Tiler: wireless electric charging for bikes

By Solvita Mazeikaite - “We want to contribute to making cities greener, yet cities are largely built around cars,” says Christiaan van Nispen, founder and CEO of YES!Delft startup Tiler. “We have identified the need for creating a better infrastructure for electric bikes and are working on a solution that would provide new charging opportunities.”

Electric bikes need the right charging infrastructure

Having been in the business of building sustainable solutions for over a decade now, Christiaan knows what it takes to develop technologies that need time to develop and mature. It was back in 2009 when he started his first company with the goal of making buildings more sustainable. “Back in that day, such technologies were still very new,” he remembers. And while he ended up selling his share of the company, it had taught him plenty on how to develop complex technological solutions and bring them to market.

His connection to the world of sustainability was perhaps most notably forged while working as Innovation Manager for a German company. On behalf of it, he went to the US to set up the company’s footprint of electric vehicle charging stations, which is also where he got to know more about electric vehicles in general. 

“In a meeting that I had with Uber, they told me that light electric vehicles – electric bikes, in particular – will be a big thing in the future.” This was an important insight for Christiaan and what eventually got him thinking on how to build better infrastructure for this mode of transportation. 

He started Tiler (at that time Fesla Charge) in April 2019 with the mission to offer a wireless charging solution for e-bikes and has been checking off one milestone after the next since then. While he was the sole founder at the start, he was later joined by founder Olivier Coops as COO. Joris Koudijs joined the MT as CTO in 2021. The startup has also raised more than 1 million euros from UNIIQ, Delft Enterprises and PVS investments, among others, which has helped it develop its technology fast and enter the market in the Netherlands. 

“Our solution is technologically challenging so we started with a pilot almost immediately,” Christiaan says. They partnered up with Ahoy to see how the technology would work and if it would meet the client’s expectations.

“It was a learning process on what it is like to build a hardware solution,” he says. “Perhaps the main lesson we learned is that it always takes a bit longer than anticipated. The first minimum viable product (MVP) for Ahoy was planned for September 2019, but instead it took until July 2020.” It was certainly not an easy endeavor to take on. 

The team also learned about how to make their solution as easy to use as possible, as well as durable and sturdy. Today, Tiler’s product is essentially a block integrated in a smart kickstand, which could also be used in other light electric vehicles. “The whole idea behind our solution is that users would have a seamless experience throughout – you come, you park, you go.”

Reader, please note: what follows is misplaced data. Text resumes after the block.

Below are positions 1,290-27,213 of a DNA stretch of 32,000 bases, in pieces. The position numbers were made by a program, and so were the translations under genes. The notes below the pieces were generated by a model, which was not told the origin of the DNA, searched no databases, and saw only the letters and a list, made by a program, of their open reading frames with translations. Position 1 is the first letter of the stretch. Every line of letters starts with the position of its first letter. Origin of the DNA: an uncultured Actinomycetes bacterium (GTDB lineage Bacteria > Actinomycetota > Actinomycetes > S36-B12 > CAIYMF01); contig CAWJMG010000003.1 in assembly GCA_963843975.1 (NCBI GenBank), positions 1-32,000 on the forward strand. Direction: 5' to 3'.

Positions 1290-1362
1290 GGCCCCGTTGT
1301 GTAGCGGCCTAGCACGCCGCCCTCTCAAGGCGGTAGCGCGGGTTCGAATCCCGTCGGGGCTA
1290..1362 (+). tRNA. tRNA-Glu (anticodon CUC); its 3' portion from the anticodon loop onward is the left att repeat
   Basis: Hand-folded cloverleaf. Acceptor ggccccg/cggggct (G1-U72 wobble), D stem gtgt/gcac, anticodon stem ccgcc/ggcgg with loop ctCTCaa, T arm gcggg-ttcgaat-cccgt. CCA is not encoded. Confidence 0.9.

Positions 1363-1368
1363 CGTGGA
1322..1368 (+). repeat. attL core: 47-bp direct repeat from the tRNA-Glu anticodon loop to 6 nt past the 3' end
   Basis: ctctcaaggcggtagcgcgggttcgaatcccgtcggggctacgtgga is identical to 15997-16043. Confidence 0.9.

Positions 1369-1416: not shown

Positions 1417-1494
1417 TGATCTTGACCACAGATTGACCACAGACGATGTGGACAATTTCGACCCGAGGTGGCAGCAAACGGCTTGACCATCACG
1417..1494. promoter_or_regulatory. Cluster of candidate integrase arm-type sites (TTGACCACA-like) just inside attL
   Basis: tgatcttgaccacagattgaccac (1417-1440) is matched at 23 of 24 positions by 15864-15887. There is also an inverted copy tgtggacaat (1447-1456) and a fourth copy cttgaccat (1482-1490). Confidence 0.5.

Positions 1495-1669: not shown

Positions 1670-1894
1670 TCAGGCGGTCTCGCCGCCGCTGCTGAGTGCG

Bike standing on a charging stand

On the path to making cities greener

While Christiaan started Tiler with the simple mission to create the necessary infrastructure for electric bikes to thrive in cities, they now have a team of six that are working tirelessly to make this possible. Yet, not without the support of fellow entrepreneurs and market experts.

Just recently, Tiler joined the Accelerator program at YES!Delft is looking to use that experience on several different fronts. “We have already been able to learn from other companies and gain insights into how to manage a hardware company,” Christiaan says. “We want to learn more about how to manage our supply chain as well as how to raise follow-on funding as a deep tech company.”

To date, the startup has delivered six validation pilots of its products, known as Tiles, with a corresponding smartstand. In March 2022, they launched their commercial solution with a bike rental company at an NH hotel with very promising results. There is another batch of 20 Tiles coming up in May to conduct more promising pilots. It is a time-consuming endeavour so the team will take the coming months to find their market fit with existing customers. “We want to make sure that the customers we currently have are happy and order from us again.” 

Further down the line, they will look into ways to scale up slowly while continuously iterating their product and will be looking for a larger round of follow-on funding starting in 2023.

If you ask Christiaan, the future for Tiler is an exciting one. There is a lot he and his team can achieve in making their solution ever better and smarter. “We will be looking into implementing strict safety procedures for our product,” he says. “We already get a lot of data from the batteries, but our goal for the future would be to collect even more of that data and leverage it in a smart way.”

There are ambitious goals ahead of Tiler and its team, and to make that even more tangible, they say: “We want to have 100,000 tiles by 2027 and be in 100 cities by 2040.” And so the targets have been set, may the hard work continue.

Are you inspired by this entrepreneurial journey and interested in giving your startup a boost? Then join one of the programs we offer at YES!Delft; Validation lab or Accelerator Program. If you would like to work at a startup in our ecosystem, check out the vacancies on our homepage!

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